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OPM may end hiring registers for lack of interest

Jul. 28, 2010 - 06:00AM   |  
By STEPHEN LOSEY   |   Comments
Angela Bailey, the Office of Personnel Management's deputy associate director for recruitment and diversity, was one of those who attended the July 28 meeting at the White House.
Angela Bailey, the Office of Personnel Management's deputy associate director for recruitment and diversity, was one of those who attended the July 28 meeting at the White House. (Sheila Vemmer / Staff file photo)

The Office of Personnel Management said Wednesday that a component of its hiring reform initiative has received little interest from federal agencies and may be canceled.

In the first seven months of OPM's centralized hiring register program, agencies have only hired 71 of about 106,000 qualified job candidates, said Ted Cuneo, chief of staff for Angela Bailey, OPM's deputy associate director for recruitment and diversity.

Bailey and other OPM officials attended a meeting at the White House on Wednesday morning to discuss progress on hiring reform, Cuneo said, and one of the issues on the agenda was whether the registers should be canceled.

"OPM has been paying for [the registers] out of pocket," Cuneo said at the HR for Defense Summit in Tyson's Corner, Va. "This was a freebie, and it's not used much. … We can't continue doing this forever."

OPM in April announced the registers it established for 13 of the most common jobs in the federal government. Under the system, OPM advertises for jobs such as accountants, secretaries and contracting specialists, evaluates applicants, applies veterans preference points and ranks candidates. When a hiring manager needs to fill a slot, he tells OPM what skills he needs, and OPM will send him a list of suitable candidates.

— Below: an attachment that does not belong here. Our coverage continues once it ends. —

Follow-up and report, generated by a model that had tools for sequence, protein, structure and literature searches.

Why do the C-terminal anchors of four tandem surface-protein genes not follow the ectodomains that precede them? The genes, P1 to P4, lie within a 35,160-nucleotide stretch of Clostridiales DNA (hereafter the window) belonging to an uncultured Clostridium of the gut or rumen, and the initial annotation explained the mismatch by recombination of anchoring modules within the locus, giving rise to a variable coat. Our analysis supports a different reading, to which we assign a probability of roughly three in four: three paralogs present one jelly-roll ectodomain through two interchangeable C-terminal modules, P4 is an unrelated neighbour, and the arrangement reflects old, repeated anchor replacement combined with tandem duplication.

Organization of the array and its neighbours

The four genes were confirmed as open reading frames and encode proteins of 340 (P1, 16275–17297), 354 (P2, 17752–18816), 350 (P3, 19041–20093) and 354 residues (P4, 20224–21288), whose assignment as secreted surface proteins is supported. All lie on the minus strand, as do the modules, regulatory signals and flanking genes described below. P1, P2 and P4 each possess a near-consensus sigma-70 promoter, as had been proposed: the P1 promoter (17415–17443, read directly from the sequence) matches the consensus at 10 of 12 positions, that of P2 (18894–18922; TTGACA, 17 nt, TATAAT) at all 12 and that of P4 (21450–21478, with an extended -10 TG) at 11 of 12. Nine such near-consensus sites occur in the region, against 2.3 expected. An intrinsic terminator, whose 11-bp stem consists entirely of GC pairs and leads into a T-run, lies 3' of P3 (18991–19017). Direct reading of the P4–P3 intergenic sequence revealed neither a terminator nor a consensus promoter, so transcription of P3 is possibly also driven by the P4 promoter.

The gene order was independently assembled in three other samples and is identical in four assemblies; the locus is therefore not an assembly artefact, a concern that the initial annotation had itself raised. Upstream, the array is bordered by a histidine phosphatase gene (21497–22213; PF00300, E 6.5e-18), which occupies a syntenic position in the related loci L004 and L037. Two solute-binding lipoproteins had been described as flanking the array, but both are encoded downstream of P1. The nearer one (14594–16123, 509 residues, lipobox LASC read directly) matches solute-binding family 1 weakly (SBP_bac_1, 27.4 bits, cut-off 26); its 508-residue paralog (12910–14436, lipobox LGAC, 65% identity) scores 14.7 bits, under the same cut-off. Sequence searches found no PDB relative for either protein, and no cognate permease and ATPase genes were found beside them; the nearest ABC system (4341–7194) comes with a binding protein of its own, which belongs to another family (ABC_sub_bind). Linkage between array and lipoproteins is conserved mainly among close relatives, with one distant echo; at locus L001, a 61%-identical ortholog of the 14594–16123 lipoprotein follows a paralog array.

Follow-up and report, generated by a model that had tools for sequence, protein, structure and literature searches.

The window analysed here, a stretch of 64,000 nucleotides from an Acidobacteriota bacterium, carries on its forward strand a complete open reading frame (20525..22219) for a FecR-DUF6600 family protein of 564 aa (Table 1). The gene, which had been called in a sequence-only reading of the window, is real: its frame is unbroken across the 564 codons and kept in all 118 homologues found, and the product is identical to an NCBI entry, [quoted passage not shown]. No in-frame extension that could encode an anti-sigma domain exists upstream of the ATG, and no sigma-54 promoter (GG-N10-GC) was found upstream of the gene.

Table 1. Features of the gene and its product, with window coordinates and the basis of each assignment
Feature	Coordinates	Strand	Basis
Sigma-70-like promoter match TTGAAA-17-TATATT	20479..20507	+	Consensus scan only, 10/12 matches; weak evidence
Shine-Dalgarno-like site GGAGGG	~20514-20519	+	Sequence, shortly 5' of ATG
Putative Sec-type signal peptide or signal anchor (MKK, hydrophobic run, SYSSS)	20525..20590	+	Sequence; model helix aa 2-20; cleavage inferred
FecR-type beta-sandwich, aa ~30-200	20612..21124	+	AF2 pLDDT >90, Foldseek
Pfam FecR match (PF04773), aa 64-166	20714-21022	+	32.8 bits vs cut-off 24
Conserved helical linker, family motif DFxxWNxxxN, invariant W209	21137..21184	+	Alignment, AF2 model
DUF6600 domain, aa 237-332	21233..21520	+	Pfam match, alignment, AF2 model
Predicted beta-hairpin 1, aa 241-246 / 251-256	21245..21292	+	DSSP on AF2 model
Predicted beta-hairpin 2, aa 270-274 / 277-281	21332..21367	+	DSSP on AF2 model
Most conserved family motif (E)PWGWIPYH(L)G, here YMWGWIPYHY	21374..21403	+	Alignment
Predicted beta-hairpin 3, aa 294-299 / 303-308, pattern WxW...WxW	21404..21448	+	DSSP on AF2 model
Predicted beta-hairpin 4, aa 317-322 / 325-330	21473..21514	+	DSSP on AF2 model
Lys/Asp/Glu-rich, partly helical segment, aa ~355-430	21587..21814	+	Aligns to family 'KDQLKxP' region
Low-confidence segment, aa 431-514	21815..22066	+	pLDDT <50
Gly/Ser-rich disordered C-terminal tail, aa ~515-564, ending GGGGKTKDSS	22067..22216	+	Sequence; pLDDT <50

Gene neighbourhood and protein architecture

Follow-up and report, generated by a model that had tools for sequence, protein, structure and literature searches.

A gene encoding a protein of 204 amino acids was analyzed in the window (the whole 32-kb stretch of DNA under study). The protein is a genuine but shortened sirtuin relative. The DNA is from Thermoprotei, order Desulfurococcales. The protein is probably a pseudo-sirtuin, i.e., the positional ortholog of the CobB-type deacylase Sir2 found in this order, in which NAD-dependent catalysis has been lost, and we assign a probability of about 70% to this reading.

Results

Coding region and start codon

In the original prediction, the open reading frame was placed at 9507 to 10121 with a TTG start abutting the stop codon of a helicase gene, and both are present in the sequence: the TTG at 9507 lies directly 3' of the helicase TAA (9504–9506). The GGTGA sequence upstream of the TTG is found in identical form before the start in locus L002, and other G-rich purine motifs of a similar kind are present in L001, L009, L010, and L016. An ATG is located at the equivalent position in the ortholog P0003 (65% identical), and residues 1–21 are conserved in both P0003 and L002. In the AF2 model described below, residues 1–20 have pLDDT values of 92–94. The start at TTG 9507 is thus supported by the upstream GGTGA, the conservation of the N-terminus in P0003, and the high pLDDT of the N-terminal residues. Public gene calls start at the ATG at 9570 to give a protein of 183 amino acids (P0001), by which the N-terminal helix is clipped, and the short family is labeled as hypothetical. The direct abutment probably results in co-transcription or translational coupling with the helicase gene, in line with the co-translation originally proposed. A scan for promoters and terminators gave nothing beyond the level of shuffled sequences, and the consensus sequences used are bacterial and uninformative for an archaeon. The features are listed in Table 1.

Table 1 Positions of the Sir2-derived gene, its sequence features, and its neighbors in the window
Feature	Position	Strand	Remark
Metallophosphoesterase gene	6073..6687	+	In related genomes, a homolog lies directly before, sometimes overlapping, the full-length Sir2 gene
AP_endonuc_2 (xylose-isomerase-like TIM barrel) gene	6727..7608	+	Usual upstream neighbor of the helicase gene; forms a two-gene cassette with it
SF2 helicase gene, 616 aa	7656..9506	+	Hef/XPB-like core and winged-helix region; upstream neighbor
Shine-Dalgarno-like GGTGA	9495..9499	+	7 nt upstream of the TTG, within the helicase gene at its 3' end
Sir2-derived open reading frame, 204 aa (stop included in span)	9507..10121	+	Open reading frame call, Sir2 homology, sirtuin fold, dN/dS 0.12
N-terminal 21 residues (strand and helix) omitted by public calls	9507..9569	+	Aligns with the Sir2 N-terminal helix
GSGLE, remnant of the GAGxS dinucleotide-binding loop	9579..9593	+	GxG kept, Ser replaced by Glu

OPM Director John Berry said earlier this year that by pooling hiring efforts through the registers, the government would eliminate duplicative work and cut as much as five weeks out of the process.

A similar effort failed during the Clinton administration because its paper-based process was unwieldy, and the quality of job candidates was poor.

This time, experts said that the registers' success likely would depend on whether OPM keeps promoting them and can convince agencies to try them.

But that is not happening. Cuneo said many frontline hiring officials are completely unaware the registers even exist, and he said OPM and agency leaders have to do a better job educating managers and human resources officials.

"Usually, when we ask, ‘Have you used a shared register?' you get a blank stare," Cuneo said. "There is a communication and marketing piece to this that not only we, OPM, have got to get better at, but the agencies' headquarters have got to get a lot better at as well."

OPM is also studying the program's results to find out whether any other factors are making people reluctant to use the registers.

Earlier this month, John Sepulveda, chief human capital officer of the Veterans Affairs Department, said he wanted to create new registers to pool the hiring of nurses and other medical staffers.

Cuneo said OPM may try to scale back the registers and only work at first with agencies, like VA, that have expressed definite interest in the concept.

"I don't know what our next step will be, but maybe one of those steps is to find those small pockets that see the value in them and leverage them to get some higher degree of success," Cuneo said. "Once we get that success, we go out to others who might be a little more skeptical, and say it worked for these guys. Sure you don't want to consider it?"

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